Single cab on crew cab frame?

hidn45

New member
I tried searching a couple different ways, & found some very interesting stuff, but nothing pertaining to what I am looking for, so here goes. I'm looking at the feasibility of mounting a single cab body on a crew/ double cab-length frame, in order to get more wheelbase under whatever camper box I come up with. What we're looking for is a low-budget camping vehicle that The Little Woman & I can retire in. It looks like we'll need in the neighborhood of 15-18' of camper box to live comfortably, according to our admittedly theoretical plan. I'm looking at box trucks ($$), RV's (durability?), bus conversions (cheap, but large, heavy, headroom issues), etc, as well as building or buying a box to put on a "pickup" chassis/ cab.

Anyway, it seems like it must have been done before, or at least attempted - gaining frame length by replacing the long crew cab with a standard single cab. Logic would lead one to believe that the body mounts would be the same (to a point, obviously), so, is there something I'm missing? Is there a more practical (read - "cheaper") way to get my rearend further back under my house? We're not planning any rough play, but we want a vehicle that will handle well both on the highway & in mild boondocking scenarios. A "pickup" type vehicle would seem the easiest, cheapest way to gain 4WD, which would be very nice to have, but not essential to our plans, as well. We have a couple/ few years to get something put together, but these snowbelt winters are really starting to get to us....

Thanks in advance for any & all help & advice....

Randy & Lois
 

The Artisan

Adventurer
My 07 fuso fe140 has a wheelbase of 113 and I have a 13.5' flatbed on it. Mine is the shortest wheelbase. I will be using a 12' pod with maybe a 2 foot slant on the rear.
Kevin
 

nitro_rat

On a Suburban Excursion
The 2nd gen Dodge Cummins trucks were available in a long wheelbase single cab configuration. A friend of mine has one with a 14 or 15' flatbed on it. They have a solid beam axle when 2wd that is easy to swap for a Dana 60. Just add transfer case and you're good to go!

I'm sure Chevy and Ford had similar configurations but they're probably not so easy to swap to 4x4 if desired...
 

Recommended books for Overlanding

Long Way Down: An Epic Journey by Motorcycle from Scotlan...
by Ewan McGregor, Charley Boorman
From $26.49
Lone Rider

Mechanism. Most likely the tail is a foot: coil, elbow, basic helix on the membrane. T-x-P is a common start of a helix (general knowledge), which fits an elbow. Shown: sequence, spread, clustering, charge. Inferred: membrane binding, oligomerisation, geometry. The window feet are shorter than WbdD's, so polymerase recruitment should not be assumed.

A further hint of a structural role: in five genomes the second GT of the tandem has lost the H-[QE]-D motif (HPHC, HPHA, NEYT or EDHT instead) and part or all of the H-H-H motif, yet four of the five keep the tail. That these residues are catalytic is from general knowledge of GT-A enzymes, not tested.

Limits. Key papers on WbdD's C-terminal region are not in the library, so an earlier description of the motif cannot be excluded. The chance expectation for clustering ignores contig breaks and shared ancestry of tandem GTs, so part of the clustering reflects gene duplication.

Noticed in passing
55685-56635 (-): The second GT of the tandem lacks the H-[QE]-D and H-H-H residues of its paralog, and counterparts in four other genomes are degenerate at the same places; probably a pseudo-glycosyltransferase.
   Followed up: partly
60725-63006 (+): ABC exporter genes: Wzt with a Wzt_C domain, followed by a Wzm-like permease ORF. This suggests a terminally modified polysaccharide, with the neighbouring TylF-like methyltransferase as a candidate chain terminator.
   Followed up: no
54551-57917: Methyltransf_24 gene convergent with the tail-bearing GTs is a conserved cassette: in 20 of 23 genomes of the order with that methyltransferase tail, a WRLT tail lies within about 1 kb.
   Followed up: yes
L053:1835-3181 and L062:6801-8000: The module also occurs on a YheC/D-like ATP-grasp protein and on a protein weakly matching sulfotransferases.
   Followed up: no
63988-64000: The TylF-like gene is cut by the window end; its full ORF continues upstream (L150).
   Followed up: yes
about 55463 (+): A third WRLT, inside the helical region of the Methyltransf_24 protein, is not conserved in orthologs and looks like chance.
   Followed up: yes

by speth Beard
From $16.39
Build Your Own Motorcaravan, Build Your Own Overland Camp...
by hn Wickersham , even Wigglesworth
From $44.99
Motorcycle Messengers 2: Tales from the Road by Writers w...
by Jeremy Kroeker, Ted Simon, Lois Pryce, Billy Ward,...
From $9.99

Jnich77

Director of Adventure Management Operations
Definitely got with a "cab and chassis" truck. Not only will the frame be longer, but its flat, thus making your life mich easier when it comes to building your camper. Plus, they are really easy to stretch.

Also, you are going to be pretty heavy and it might even put you in F450-F550 territory.

Personally, I'd buy a used gasser 1 ton 4x4 and use it to pull a used (but remodeled) Airstream. In the end it will cost you less time amd money, plus its far more practical.
 

sarconcepts

Adventurer
I agree with what's been stated above, go with a cab & chassis, what would the swap out gain you, 3 feet of frame length ? that wont get you anywhere near the frame length for a 15' to 18' box .
you could look around for a used tow/ flatbed truck, take the bed off, and off you go, plus as also stated above, the frame is nice and flat/straight, etc.
see the pic
Mine was an 84" cab to axle chassis and this just fits an 11' camper floor (plus the cabover) so you'll need a lot more length than swapping out the cab would get you.
i also agree with needing a 4500 or 5500 truck, as you get heavy quickly.interior 009.jpg
There's plenty of things you can do to enjoy the process, swapping the cab just isn't one of them !
 

shortbus4x4

Expedition Leader
My dad did that back in the early 70s with his 67 Ford F250 on a 72 crewcab 4x4 chassis. Had a 9' flatbed on it. It didn't add as much length as you're looking for. You'd be better off looking at the class 4/5 cab and chassis trucks.
 

billiebob

My Uncle drove a government issued Jeep in Europe
I tried searching a couple different ways, & found some very interesting stuff, but nothing pertaining to what I am looking for, so here goes. I'm looking at the feasibility of mounting a single cab body on a crew/ double cab-length frame, in order to get more wheelbase under whatever camper box I come up with. What we're looking for is a low-budget camping vehicle that The Little Woman & I can retire in. It looks like we'll need in the neighborhood of 15-18' of camper box to live comfortably, according to our admittedly theoretical plan. I'm looking at box trucks ($$), RV's (durability?), bus conversions (cheap, but large, heavy, headroom issues), etc, as well as building or buying a box to put on a "pickup" chassis/ cab.